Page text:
The researchers also explored links between care homes and hospitals. 68% of care home residents were admitted to hospital during the study period. 57% were admitted with COVID-19, 6% of cases had suspected hospital-acquired infection, and 33% were discharged from hospital within seven days of a positive test. These findings highlight the ample opportunities for SARS-CoV-2 transmission between hospital and care home settings.
When the researchers examined the viral sequences, they found that for several of the care homes with the highest number of cases, all of the cases clustered closely together on a phylogenetic tree with either identical genomes or just one base pair difference. This was consistent with a single outbreak spreading within the care home.
By contrast, for several other care homes, cases were distributed across the phylogenetic tree, with more widespread genetic differences, suggesting that each of these cases was independent and not related to a shared transmission source.
"Older people, particularly those in care homes who may be frail, are at particular risk from COVID-19, so it's essential we do all that we can to protect them," said Dr. Estée Török, an Honorary Consultant at Addenbrooke's Hospital, Cambridge University Hospitals (CUH), and an Honorary Senior Visiting Fellow at the University of Cambridge.
"Preventing the introduction of new infections into care homes should be a key priority to limit outbreaks, alongside infection control efforts to limit transmission within care homes, including once an outbreak has been identified."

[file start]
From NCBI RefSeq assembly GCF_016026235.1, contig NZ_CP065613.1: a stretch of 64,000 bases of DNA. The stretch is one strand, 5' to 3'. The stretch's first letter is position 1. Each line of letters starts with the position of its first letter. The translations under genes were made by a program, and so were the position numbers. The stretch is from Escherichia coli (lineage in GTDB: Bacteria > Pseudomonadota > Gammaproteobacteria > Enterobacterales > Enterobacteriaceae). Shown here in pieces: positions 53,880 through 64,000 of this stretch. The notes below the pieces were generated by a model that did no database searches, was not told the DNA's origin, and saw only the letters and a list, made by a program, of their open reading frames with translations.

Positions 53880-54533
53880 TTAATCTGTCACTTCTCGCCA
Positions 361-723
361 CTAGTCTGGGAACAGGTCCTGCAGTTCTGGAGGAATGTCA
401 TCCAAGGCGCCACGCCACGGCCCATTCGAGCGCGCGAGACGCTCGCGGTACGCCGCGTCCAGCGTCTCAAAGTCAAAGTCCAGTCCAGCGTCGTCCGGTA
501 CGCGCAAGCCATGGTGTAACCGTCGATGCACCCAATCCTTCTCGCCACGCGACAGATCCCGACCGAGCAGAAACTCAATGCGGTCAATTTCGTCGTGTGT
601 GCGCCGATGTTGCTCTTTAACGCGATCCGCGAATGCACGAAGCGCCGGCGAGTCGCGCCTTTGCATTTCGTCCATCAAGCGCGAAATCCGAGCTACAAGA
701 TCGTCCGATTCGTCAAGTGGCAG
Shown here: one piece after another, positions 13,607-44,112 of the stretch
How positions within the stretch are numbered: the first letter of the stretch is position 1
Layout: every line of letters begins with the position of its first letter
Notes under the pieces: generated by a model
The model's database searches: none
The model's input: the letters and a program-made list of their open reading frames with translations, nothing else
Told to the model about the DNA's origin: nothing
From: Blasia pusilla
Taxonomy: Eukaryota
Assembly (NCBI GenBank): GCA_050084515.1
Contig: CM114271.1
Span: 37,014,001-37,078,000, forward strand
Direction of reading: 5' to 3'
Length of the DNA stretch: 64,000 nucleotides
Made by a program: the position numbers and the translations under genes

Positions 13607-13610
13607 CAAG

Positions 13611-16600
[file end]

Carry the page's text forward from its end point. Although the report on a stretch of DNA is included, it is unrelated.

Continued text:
The team found two clusters that were linked to healthcare workers. One of these involved care home residents, a carer from that home and another from an unknown care home, paramedics and people living with them. The second involved several care home residents and acute medical staff at Cambridge University Hospitals NHS Foundation Trust who cared for at least one of the residents. It was not possible to say where these clusters originated from and how the virus spread.
"Using this technique of 'genomic surveillance' can help institutions such as care homes and hospitals better understand the transmission networks that allow the spread of COVID-19," added Dr. William Hamilton from the University of Cambridge and CUH. "This can then inform infection control measures, helping ensure that these places are as safe as possible for residents, patients, staff and visitors."
The absolute number of diagnosed COVID-19 cases from care home residents declined more slowly in April than for non-care home residents, increasing the proportion of cases from care homes and contributing to the slow rate of decline in total case numbers during April and early May 2020.
"Our data suggest that care home transmission was more resistant to lockdown measures than non-care home settings. This may reflect the underlying vulnerability of the care home population, and the infection control challenges of nursing multiple residents who may also share communal living spaces," said Gerry Tonkin-Hill from the Wellcome Sanger Institute.
The team found no new viral lineages from outside the UK, which may reflect the success of travel restrictions in limiting new viral introductions into the general population during the first epidemic wave and lockdown period.